APPEAL from the Circuit Court of Sangamon County; the Hon.
RICHARD J. CADAGIN, Judge, presiding.
MR. JUSTICE CRAVEN DELIVERED THE OPINION OF THE COURT:
This proceeding was instituted on December 20, 1975, when Douglas Butler filed objections to the petitions of W. Dakin Williams contending that the petitions were not sufficient for Williams to be a candidate of the Democratic Party in the March 1976 primary election. Williams sought to be a candidate of the Democratic Party for the office of governor. The State Board of Elections, after a hearing, sustained certain of the objections. The consequence of the action of the State Board was to exclude Williams as a candidate.
Upon judicial review, pursuant to the provisions of section 10-10 of the Election Code (Ill. Rev. Stat. 1973, ch. 46, par. 10-10), the circuit court of Sangamon County affirmed in part and reversed in part the order of the State Board of Elections. The effect of the trial court order insofar as it reversed certain action of the State Board was to find that there were sufficient valid signatures on nominating petitions so as to entitle Williams to be a candidate of the Democratic Party for the office of governor. The trial court judgment ordered that the State Board certify Williams' name to the appropriate officials for placement upon the ballot for the election to be held on March 16, 1976. Upon appeal to this court, and upon a motion for stay and an expeditious hearing, this court ordered a stay of the trial court judgment and further entered an order reversing that judgment. The order of this court was entered January 15, 1976. In announcing our order, we indicated an opinion would subsequently be filed. This is that opinion.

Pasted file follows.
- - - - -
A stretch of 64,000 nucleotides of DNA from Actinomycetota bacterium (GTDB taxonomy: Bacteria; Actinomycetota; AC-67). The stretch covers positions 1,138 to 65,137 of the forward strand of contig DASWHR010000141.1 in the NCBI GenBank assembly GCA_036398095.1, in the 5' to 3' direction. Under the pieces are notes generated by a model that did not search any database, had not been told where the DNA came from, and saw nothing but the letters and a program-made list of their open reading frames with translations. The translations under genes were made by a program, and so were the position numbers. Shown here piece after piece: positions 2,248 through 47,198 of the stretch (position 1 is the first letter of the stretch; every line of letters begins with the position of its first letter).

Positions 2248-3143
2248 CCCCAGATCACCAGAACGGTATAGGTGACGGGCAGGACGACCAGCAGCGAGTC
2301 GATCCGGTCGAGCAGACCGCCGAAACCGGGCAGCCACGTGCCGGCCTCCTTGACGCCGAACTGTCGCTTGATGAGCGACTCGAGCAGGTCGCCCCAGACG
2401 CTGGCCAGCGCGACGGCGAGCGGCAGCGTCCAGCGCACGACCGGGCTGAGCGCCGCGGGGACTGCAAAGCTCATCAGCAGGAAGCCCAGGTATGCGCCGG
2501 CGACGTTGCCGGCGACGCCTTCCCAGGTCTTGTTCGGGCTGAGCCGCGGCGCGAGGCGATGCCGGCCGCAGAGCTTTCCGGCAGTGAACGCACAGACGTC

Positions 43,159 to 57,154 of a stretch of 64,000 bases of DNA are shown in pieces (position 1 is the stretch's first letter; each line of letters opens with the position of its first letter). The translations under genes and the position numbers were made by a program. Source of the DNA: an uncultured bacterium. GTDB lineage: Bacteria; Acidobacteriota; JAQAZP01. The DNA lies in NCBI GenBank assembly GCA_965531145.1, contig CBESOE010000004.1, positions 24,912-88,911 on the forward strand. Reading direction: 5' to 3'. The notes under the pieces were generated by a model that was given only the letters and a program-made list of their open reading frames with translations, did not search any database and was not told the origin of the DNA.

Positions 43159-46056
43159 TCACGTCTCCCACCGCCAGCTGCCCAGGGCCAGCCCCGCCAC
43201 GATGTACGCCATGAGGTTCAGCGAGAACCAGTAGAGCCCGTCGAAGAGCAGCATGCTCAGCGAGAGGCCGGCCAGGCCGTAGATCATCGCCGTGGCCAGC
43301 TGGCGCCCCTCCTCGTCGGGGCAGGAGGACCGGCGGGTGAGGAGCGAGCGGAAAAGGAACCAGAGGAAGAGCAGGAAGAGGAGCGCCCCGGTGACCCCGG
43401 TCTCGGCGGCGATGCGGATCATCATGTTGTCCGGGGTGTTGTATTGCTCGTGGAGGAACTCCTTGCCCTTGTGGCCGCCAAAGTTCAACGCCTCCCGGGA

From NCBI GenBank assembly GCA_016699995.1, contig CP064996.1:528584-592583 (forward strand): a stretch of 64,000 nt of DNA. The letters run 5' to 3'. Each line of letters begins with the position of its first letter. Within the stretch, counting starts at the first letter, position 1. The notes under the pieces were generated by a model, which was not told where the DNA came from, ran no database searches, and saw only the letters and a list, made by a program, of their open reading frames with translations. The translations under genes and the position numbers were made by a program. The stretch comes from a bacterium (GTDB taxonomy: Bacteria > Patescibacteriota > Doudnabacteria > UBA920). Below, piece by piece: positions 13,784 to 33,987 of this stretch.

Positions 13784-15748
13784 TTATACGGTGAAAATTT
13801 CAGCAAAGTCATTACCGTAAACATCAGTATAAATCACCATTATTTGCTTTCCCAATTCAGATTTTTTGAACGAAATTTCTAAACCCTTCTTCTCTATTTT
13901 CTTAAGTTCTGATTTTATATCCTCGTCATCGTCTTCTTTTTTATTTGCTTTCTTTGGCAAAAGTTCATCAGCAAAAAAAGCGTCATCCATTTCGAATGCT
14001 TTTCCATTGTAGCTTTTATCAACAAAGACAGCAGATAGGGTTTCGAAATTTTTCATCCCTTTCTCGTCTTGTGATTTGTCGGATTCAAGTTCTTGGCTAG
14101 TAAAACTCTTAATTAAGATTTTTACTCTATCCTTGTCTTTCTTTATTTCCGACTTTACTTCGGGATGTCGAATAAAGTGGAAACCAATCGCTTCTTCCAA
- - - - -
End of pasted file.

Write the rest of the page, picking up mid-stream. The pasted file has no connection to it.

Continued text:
The objections originally filed with the State Board contended that the nominating petitions filed by Williams were invalid upon six specified grounds. The State Board disallowed four of these grounds, three having been stricken by the Board and one having been overruled by the Board. The Board, however, did sustain two objections. Those objections alleged:
"(c) For the reasons set forth in subparagraphs (a) and (b) the petitions purportedly circulated on behalf of Mr. Williams, and in particular those circulated by Ron Galbraith (pages 72-77, 96, 99, 100-102, 106-109, 117-124, 132, 134, 136-139, 143-144, 148-149, 186, 190, 196-197, 202-203, 206, 215-217, 225, 228-232, 235, 237, 239-241, 245, 247-249, 261-263), Michael Singer (pages 3, 90-95, 97-98, 103, 104-105, 110-116, 125-128, 130-131, 133, 135, 140-142, 145-147, 150-177, 180-182, 185, 187-189, 192-195, 198-199, 200-201, 204-205, 207-214, 218-224, 226-227, 233-234, 236, 238, 240-244, 246, 250-260, 264), and Gordon Haymon (pages 4-71, 78-89, 265-275 and 277-282), and purporting to bear signatures of qualified primary electors in fact do not bear such signatures. Such petitions contained forged signatures. The attestations are false and fraudulent. Therefore said petition sheets are void and should be stricken in their entirety.